The disputed decision by a Philadelphia zoning board to turn the site of a historic home into a luxury condominium tower has been overturned by a Pennsylvania appellate court, sending the issue back for further local review. The case is indicative of the hoops that people have to jump through to develop their own property.
The developer had proposed to build a 17-story condominium while retaining half of the home in Washington Square that once belonged to a former Philadelphia mayor. The home, built in 1957, is important to the area’s history because of the mayor’s decision to move to the Society Hill neighborhood, leading to the area’s renewal.
Under the plan, the developer would turn half of the house into office space and a lobby, among its primary uses.
The Society Hill Civic Association has opposed the project. A representative for the group said he hoped the court’s decision would force the developer to give up the plans, though the developer had not yet announced a decision.
The Philadelphia Historical Commission had approved the plan to demolish part of the home. The city’s Board of Licenses and Inspections Review, however, rejected it twice.
The court didn’t base its decision on history or whether the proposed condominium tower would fit the neighborhood character. Instead, it looked at a variance the project had received to construct the residential tower without a loading dock. Philadelphia zoning code mandates that buildings more than 50,000 square feet including a loading dock. The proposed building would be 90,000 square feet.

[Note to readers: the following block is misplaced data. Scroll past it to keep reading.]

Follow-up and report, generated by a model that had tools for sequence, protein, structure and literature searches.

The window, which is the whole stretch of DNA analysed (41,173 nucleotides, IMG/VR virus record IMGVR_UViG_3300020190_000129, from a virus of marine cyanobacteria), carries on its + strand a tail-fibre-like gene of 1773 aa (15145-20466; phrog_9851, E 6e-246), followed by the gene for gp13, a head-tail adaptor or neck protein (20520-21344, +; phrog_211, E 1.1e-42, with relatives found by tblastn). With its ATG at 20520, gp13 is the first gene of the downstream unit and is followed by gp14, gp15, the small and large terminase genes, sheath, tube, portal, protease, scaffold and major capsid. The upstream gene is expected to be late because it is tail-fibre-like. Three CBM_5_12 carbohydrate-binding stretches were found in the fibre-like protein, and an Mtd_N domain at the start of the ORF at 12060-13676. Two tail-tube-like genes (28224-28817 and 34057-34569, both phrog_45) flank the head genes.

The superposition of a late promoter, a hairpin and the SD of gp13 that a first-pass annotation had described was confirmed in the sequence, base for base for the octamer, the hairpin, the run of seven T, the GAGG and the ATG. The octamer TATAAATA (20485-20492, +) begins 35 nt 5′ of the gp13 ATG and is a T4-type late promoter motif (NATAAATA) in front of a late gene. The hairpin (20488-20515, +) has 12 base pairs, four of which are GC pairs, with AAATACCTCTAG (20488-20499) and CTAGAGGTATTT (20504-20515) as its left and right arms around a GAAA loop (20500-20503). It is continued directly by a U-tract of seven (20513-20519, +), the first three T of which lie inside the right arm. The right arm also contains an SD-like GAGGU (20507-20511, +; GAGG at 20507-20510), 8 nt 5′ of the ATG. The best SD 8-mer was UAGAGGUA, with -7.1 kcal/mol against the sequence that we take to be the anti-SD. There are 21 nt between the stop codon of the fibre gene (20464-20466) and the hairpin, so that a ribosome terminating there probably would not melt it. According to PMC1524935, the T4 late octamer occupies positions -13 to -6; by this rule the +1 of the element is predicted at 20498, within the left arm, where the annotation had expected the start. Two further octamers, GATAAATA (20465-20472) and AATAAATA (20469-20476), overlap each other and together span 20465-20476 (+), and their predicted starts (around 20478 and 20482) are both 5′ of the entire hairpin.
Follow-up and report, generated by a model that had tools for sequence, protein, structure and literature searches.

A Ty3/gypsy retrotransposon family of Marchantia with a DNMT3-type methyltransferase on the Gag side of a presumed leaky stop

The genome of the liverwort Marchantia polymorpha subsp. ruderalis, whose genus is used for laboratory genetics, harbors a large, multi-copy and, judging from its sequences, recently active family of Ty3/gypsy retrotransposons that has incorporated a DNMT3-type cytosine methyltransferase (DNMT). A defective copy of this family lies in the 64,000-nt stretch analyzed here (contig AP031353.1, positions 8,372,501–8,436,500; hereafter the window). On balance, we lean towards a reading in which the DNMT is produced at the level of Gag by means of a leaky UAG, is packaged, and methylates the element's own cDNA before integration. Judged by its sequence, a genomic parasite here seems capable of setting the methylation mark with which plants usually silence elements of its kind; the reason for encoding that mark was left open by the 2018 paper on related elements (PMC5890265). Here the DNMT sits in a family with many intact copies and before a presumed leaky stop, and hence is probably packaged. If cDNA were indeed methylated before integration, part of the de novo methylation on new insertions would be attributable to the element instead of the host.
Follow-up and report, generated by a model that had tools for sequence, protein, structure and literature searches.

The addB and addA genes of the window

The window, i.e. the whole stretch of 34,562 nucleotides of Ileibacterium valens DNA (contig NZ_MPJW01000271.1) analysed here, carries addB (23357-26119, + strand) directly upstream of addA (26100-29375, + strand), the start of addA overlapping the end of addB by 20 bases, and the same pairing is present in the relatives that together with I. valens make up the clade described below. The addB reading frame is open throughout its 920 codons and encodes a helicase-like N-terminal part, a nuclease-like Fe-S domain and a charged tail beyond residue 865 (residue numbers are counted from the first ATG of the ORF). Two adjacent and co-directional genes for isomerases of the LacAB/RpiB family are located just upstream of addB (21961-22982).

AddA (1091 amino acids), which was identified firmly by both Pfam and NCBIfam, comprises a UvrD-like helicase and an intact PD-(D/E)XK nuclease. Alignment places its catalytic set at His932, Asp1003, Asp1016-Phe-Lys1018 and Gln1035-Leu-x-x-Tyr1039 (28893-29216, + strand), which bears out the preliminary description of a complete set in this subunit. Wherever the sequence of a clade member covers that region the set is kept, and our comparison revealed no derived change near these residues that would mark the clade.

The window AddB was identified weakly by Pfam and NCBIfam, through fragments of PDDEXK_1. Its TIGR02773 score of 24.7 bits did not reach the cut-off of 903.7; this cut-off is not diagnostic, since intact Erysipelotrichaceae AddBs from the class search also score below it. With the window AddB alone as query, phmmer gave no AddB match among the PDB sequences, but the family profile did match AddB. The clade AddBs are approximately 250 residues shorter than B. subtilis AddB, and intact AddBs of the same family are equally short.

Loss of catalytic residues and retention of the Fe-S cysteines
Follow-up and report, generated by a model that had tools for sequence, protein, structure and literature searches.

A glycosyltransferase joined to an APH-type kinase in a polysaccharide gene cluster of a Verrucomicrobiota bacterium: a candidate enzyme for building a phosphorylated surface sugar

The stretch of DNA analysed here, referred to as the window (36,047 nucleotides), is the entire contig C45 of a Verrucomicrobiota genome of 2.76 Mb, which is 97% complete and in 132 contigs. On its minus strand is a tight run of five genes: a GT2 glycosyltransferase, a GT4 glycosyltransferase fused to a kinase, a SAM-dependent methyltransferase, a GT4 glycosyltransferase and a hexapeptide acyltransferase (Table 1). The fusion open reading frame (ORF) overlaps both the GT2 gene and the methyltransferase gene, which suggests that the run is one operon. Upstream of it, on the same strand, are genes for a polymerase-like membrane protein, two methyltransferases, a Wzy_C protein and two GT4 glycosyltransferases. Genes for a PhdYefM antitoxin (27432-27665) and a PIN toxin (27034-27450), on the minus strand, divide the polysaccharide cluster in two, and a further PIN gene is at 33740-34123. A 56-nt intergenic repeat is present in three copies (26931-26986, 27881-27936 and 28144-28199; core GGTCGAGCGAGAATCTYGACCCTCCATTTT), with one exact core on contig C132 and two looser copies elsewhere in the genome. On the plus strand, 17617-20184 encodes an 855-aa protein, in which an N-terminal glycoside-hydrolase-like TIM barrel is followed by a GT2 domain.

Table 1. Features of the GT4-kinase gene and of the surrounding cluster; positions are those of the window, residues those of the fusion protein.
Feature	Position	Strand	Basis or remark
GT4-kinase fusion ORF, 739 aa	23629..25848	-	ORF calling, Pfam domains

The Zoning Board of Adjustment had ruled that meeting the loading dock requirement would be a hardship for the developer because of space concerns. The court ruled the hardship existed only because the developer had proposed a building too large for the plot.
As part of its ruling, the court also required the zoning board to listen to issues from the community that the panel had previously said it would not consider.
Source: The Philadelphia Inquirer, “Luxury condos on Washington Square dealt setback,” Robert Moran, April 10, 2012